The Princess and the Frog

by Tony Phoenix, staff writer
The Princess and the Frog
(2009) | 98 min. | G | Reviewed by Tony Phoenix
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Ratings Summary
(Scored out of a maximum of five)
Audio 5 stars Video 5 stars
Goodies 4 stars Movie 3 stars
  Value 4 stars  

DVD Features

  • DVD Release Date: March 16, 2010
  • Original Theatrical Release: December 11, 2009
  • 1.78:1
  • Dolby Digital 5.1 Surround Sound, Blu-Ray: 5.1 DTS-HD Master Audio
  • French and Spanish Language Tracks
  • Subtitles: Closed Captioned, English Descriptive Video Service
  • Suggested Retail Price: $29.99 / $44.99 Blu-Ray

The Movie

Five years after abandoning traditional, hand-drawn animation, Disney Feature Animation returns to it with the animated musical, The Princess and the Frog. Championed by John Lassiter, who took over the reins of Disney Animation in addition to his roles at Pixar, Disney returns to its roots in this new fairy tale release. In case you missed the movie while in theaters, you can read MousePlanet's review here.

The audio and video are crisp, clean and enjoyable. The colors (especially during Dr Facilier's Friends on the Other Side sequence) are beautifully rich and deep.

This release is available in multiple formats: DVD, Single Disc Blu-ray and the 3-disc Blu-Ray combo pack, that includes the Blu-ray disc, DVD disc and Digital Copy. The Blu-ray discs include a number of additional bonus features not available on the standard DVD

Image Copyright Walt Disney Studios

The Goodies

DVD & Blu-ray

Deleted Scenes

Deleted scenes are generally the most asked for bonus feature on DVD sets. Hand-animated movies pose a challenge for DVDs, in that rarely are scenes deleted after they are complete, given the immense amount of time and labor that go into producing them. The Princess and the Frog release includes story-boards of scenes that were considered, but never produced. The scenes include a discussion between Tiana and her mother, alternate introductions of alligator Louis, and selected others.

Audio Commentary

The audio commentary is a standard voice over with co-writers and directors John Musker and Ron Clements, and director Peter Del Vecho.

"Never Knew I Needed" - Music Video by Ne-Yo

The obligatory music video is performed by Walt Disney Records artist Ne-Yo. It may be that there are a few viewers who will enjoy the music video, but its inclusion has become a cliche - and a bad one at that. How about saving the space on the disk and doing a feature on how Jazz influenced the music in the film, instead of a flash-in-the-pan pop artist?

Do You See What I See: Princess Portraits Game

Image Copyright Walt Disney Studios

In this basic game, firefly Ray and his family form silhouettes of Disney princesses (and a few villains) and you try to match them to their real portrait. If you complete it successfully, then Mama Odie gives you a quick retelling of your choice of a princesses story. It is clever game with the fireflies slowly creating the picture, but has almost no repeatability.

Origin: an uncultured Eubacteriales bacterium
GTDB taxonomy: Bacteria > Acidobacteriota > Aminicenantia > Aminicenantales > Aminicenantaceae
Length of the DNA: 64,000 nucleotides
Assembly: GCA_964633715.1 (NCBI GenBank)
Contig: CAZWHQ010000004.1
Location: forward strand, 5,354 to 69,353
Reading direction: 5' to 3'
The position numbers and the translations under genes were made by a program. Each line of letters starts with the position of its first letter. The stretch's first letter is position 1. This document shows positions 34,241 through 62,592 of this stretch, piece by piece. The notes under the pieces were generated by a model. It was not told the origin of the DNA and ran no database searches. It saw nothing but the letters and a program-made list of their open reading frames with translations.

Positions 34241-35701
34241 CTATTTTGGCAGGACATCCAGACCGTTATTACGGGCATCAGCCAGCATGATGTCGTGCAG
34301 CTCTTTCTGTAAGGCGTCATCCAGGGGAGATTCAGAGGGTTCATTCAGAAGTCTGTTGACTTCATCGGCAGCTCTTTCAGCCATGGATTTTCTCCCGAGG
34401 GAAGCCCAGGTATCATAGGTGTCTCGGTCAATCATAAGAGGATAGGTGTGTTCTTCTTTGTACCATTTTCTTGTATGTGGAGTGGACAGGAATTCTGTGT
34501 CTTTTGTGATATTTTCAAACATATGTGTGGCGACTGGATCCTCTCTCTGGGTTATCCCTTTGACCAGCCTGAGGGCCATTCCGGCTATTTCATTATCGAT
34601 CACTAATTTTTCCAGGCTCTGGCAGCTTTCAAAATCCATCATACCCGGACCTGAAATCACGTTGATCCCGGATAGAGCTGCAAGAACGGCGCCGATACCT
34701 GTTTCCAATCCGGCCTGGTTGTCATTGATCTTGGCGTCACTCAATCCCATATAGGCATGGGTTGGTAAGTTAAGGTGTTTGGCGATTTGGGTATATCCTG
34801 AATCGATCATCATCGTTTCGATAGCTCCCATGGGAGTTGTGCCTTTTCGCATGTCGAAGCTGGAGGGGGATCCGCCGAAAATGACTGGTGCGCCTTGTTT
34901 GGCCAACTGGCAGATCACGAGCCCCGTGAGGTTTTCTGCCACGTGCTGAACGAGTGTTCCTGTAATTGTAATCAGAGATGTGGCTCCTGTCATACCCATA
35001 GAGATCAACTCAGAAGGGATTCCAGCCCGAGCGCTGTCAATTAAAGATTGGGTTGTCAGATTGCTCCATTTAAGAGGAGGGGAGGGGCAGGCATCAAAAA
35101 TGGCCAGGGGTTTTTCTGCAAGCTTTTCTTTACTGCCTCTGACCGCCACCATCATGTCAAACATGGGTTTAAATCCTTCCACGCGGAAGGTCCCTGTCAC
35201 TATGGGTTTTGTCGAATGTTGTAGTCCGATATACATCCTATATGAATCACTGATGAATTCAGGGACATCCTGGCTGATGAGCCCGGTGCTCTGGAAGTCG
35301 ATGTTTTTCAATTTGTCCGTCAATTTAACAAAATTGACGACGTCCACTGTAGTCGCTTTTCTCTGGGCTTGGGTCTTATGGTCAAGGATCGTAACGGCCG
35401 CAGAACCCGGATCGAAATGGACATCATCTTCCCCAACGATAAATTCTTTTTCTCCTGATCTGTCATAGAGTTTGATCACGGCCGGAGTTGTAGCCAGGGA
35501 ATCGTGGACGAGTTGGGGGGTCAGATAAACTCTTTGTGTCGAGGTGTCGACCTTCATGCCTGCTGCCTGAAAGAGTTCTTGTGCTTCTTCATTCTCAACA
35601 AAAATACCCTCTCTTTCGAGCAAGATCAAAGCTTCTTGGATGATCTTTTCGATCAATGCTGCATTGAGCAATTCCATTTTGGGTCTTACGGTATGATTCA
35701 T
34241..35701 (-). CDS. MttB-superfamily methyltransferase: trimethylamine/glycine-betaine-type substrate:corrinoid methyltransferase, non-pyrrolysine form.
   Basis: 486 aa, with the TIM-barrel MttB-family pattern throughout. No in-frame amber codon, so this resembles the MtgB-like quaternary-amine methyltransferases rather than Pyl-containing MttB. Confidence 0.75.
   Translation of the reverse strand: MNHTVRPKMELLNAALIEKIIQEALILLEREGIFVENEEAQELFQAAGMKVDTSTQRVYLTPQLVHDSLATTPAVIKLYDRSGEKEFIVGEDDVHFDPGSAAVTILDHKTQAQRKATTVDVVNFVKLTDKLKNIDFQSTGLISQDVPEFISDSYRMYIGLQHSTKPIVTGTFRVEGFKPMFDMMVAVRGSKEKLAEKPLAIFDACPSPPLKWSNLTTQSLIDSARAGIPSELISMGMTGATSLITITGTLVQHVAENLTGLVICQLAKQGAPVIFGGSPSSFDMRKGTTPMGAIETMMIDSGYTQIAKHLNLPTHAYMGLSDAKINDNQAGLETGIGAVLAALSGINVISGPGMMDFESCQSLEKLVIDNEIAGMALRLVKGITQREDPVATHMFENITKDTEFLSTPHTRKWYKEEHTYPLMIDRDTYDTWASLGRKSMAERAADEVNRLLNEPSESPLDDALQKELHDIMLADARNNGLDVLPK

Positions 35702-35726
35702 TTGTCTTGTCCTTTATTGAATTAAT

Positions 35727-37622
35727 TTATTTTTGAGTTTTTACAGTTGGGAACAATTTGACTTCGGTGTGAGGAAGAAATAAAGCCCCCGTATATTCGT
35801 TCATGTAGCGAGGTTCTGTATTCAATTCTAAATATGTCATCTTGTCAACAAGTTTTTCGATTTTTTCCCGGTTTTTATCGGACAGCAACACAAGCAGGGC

Blu-ray Only

Magic in the Bayou: The Making of a Princess

A traditional Making Of feature, a 22-minute behind the scenes look at the making of the movie. It is an interesting look, but with one very serious complaint. They cut repeatedly to other classic Disney films to compare the movies and to discuss their similarities and differences. However, while most of the film is in high definition, the clips of older movies are in standard definition. And a very poor quality standard definition - it is something I would expect to see in a low quality Internet video. The picture quality is awful, jarring, and distracts horribly from what is an otherwise interesting clip. This is especially inexcusable, considering the studio has completed HD transfers of a number of these films.

Bringing Life to Animation

The directors share several clips of live-action reference footage that was shot prior to beginning animation. The footage is shown next to footage from the story boards and from the final film, while the directors explain how they use the footage to help the animators.

Image Copyright Walt Disney Studios

The Return to Hand Drawn Animation

Animation fans were thrilled that John Lassiter directed Feature Animation to return to using hand drawn animation. The directors, animators, writers, and others involved in the making of the movie share their reactions to the news, and why they feel hand drawn animation is so important. I especially got a kick out of animator Andreas Deja dancing to the news.

Additional Features

There are a number of short (2-3 minute) vignettes included in the bonus materials. The Disney Legacy features animators talk about how the legacy of Disney animation influences their work today. Disney's Newest Princess feels like a Disney Channel short that introduces the movie and it's basic premise to audiences. The Princess and the Animator features the animators talking about how they worked to bring a new princess to life. Conjuring the Villain is a look at the making of villain Dr. Facilier and how actor Keith David influenced the character's development. A Return to the Animated Musical looks at how The Princess and the Frog remains a musical, but differs so much from traditional Disney musical films. The Art Galleries show story board and concept art from the movie.

The Final Evaluation

If you enjoyed the movie originally, or if you have a young girl under the age of 13, then this is a definite pick-up. The same is true if you are a fan of traditional animation. But ultimately, the movie isn't for everyone.